Mourning the Imperfect

We’re told it’s impolite to speak ill of the dead, but that makes mourning most people extremely difficult. Nobody’s perfect, and this habit we have of trying to sanctify people simply because they’ve done the one thing that we will all do eventually, which is shuffle off this mortal coil, means that there are whole portions of their lives that we are made to feel uncomfortable about discussing.

This is extremely unfair to those of us who get left behind. For example, I’m still intensely mourning the loss of the love of my life, but the fact is, our relationship was tempestuous and rocky at the best of times. The good times were fantastic and unforgettable, but the bad times were crap. I need to be able to process that, too.

Many of my loved ones cannot understand why I’m grieving at all, and because of that, it’s a topic I can’t bring up in their presence. They don’t want to hear about the good or the bad, so I’m left to chew on all of it alone. I shouldn’t be made to feel guilty about the happy memories, and I shouldn’t have to avoid mentioning the unhappy ones in order to keep from proving their unspoken, elephant-sized point. That makes it awfully hard to move on.

And sometimes I feel as though I’m the only one on earth who is willing to admit that I’ve been happy to see certain people go. That has been the case with two people who loomed large in my life when I was a child. One abused me physically, the other abused me emotionally. When those two died, my “grieving” took on the form of not doing a happy dance in the presence of anyone who might be shocked. I should be allowed to talk about that, too, but I rarely have the opportunity, because I try to respect other people’s feelings.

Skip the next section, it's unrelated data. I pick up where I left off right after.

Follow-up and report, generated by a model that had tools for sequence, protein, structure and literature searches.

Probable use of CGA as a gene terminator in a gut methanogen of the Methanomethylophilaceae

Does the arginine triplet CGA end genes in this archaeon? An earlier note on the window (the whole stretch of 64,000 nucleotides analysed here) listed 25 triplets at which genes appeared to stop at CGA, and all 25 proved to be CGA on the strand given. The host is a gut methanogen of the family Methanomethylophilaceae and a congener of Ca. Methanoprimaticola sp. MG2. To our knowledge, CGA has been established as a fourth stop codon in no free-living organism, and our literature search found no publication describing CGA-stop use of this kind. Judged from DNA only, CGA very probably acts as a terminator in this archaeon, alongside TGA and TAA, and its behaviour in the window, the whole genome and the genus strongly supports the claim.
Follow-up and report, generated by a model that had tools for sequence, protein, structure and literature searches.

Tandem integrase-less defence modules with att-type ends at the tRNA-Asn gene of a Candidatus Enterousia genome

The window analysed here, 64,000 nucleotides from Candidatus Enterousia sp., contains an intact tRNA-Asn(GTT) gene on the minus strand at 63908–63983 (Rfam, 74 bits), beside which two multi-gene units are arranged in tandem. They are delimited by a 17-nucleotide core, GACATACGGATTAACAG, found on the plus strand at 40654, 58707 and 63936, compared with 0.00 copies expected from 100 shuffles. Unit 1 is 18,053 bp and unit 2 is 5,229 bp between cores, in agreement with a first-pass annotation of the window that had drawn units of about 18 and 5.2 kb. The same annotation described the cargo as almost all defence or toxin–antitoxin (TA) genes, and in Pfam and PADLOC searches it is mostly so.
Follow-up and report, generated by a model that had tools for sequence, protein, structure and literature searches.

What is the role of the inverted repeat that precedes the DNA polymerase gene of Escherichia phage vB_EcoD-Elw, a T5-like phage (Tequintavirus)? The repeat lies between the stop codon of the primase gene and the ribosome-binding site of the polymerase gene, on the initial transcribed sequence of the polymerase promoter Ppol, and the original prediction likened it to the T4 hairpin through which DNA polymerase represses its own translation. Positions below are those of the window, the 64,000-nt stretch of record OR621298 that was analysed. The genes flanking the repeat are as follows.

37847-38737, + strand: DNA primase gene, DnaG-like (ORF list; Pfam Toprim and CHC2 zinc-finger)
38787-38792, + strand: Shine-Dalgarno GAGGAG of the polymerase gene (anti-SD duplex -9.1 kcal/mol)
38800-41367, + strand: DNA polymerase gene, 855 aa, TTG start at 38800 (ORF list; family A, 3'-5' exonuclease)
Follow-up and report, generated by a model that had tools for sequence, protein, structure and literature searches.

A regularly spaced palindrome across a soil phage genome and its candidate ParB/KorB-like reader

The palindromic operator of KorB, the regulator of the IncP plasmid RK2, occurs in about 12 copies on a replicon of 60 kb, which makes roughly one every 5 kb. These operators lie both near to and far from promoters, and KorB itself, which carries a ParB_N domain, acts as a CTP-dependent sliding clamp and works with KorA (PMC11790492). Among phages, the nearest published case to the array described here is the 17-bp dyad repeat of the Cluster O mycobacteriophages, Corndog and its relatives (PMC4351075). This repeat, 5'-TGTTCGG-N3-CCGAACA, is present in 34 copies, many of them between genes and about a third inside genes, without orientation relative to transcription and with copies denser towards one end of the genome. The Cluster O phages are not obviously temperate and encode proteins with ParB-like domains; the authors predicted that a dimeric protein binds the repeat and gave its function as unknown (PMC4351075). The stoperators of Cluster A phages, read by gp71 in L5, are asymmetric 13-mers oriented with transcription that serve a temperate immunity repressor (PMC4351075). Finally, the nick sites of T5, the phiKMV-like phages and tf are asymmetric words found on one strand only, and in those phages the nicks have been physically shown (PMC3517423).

I do agree you shouldn’t speak ill of the dead around those who live on and might be offended. But I strongly disagree that you shouldn’t do so because the people in question aren’t around to defend themselves. That’s a steaming load of cow manure. Their best defense would have been to not lead toxic lives in the first place. They made their choices. So if you have to badmouth them in order to heal your wounds, I say go for it.

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2 thoughts on “Mourning the Imperfect

  1. lyn sutton

    Stating facts is not bad mouthing. It’s cathartic.You are simply respecting their truths.You’ve a right to your feelings and anyone who says otherwise is emotionally abusive. Walk away and know you are not alone. I don’t mind listening to the good and the bad. Come sit by me… unload and heal.

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